14 Jan 2015

Voting Method Explained

While voting for our new name, you

14 Jan 2015

While voting for our new name, you may have noticed that the poll asked for you to rank your preferences, rather than simply vote for your preferred name. Recognizing the importance people feel around their naming preferences, we wanted to ensure that member’s full preferences were considered when deciding a name. As a result, the board decided to use something called Instant-runoff Voting (IRV), also known as preferential voting. IRV takes into account more than a voter’s top choice. Most importantly, IRV ensures that the our winning name of three options has the support of most voters.

In IRV, the winning candidate must secure a majority of votes. If no majority is present, the candidate with the fewest votes is eliminated, and those individuals who voted for the eliminated candidate then have their second choice represented – they essentially get to recast their vote with the reduced field of options. In this manner, IRV simulates a runoff election, but without requiring multiple rounds of voting. The least popular choice is eliminated and the vote is “instantly” rerun with the two remaining candidates, based on voters’ preferences.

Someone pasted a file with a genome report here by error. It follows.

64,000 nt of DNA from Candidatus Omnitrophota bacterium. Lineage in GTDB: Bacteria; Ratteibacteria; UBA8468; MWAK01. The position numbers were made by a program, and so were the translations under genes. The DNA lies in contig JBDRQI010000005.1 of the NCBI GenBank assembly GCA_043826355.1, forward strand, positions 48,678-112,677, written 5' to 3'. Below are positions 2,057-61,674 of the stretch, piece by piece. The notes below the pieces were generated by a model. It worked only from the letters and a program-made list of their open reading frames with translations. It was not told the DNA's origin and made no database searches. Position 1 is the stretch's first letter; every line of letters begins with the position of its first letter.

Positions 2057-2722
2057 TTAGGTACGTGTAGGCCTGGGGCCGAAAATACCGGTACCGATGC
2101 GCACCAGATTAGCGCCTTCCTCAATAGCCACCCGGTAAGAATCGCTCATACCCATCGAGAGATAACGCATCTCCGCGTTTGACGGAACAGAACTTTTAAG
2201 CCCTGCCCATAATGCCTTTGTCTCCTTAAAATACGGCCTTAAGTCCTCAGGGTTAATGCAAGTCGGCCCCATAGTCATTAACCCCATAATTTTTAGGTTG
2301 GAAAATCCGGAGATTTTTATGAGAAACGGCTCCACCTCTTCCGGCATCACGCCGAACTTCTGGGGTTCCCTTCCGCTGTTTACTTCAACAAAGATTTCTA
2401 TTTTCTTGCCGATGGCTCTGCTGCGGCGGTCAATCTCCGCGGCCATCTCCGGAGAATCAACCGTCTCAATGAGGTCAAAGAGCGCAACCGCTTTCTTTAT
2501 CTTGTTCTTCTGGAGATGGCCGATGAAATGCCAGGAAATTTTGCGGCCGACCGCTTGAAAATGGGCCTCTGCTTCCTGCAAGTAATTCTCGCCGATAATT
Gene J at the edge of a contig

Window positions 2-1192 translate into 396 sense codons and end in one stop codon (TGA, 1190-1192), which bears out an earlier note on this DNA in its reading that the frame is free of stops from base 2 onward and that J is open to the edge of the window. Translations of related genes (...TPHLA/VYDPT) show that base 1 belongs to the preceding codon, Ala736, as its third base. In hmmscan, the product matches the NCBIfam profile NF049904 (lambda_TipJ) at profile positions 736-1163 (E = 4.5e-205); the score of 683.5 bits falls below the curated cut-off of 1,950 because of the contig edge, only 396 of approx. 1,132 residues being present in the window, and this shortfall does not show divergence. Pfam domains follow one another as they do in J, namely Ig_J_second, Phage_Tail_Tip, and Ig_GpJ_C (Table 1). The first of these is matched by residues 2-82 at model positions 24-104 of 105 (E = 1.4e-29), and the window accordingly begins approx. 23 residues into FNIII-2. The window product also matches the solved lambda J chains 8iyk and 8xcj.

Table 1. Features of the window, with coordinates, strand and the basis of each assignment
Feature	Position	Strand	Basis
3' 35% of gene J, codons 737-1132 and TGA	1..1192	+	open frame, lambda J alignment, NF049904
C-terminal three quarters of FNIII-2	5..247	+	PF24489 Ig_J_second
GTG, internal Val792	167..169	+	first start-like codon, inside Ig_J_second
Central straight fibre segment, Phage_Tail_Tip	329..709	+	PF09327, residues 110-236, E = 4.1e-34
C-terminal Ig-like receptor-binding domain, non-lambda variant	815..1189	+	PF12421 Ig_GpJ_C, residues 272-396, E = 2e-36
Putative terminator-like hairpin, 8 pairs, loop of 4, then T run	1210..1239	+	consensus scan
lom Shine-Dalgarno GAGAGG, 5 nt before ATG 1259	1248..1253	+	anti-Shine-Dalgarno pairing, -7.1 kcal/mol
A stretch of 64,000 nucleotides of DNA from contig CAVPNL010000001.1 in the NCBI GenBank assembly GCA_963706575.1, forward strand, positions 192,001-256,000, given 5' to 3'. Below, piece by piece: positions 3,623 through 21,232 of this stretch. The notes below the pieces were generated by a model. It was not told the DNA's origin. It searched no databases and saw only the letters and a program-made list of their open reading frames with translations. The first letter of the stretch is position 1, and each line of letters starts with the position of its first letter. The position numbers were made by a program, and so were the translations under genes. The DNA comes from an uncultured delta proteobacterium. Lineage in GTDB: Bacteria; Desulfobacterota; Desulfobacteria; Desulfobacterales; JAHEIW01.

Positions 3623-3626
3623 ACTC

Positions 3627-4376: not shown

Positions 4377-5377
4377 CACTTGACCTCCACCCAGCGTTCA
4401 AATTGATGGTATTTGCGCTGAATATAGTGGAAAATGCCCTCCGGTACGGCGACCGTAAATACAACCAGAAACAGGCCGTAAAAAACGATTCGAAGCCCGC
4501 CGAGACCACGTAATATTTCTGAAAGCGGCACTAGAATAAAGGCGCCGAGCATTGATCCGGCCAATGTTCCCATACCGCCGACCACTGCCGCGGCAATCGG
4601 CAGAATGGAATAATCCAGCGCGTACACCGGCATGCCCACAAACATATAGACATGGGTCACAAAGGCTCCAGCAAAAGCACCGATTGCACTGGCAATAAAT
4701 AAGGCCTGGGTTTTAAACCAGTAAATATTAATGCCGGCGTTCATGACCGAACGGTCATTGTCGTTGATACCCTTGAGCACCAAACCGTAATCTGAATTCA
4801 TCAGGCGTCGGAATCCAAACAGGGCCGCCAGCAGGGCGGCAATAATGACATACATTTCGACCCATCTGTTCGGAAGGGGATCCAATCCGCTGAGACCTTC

In our case, it turned out that the name with the most votes under IRV also had the most number of #1 votes, although the margin was considerably smaller when second choices were factored in. Rerunning the vote with the top two options ensured that the winner secured a majority of the vote.

You can read more about Instant-runoff Voting on Wikipedia. Or you can watch a cartoon explanation.

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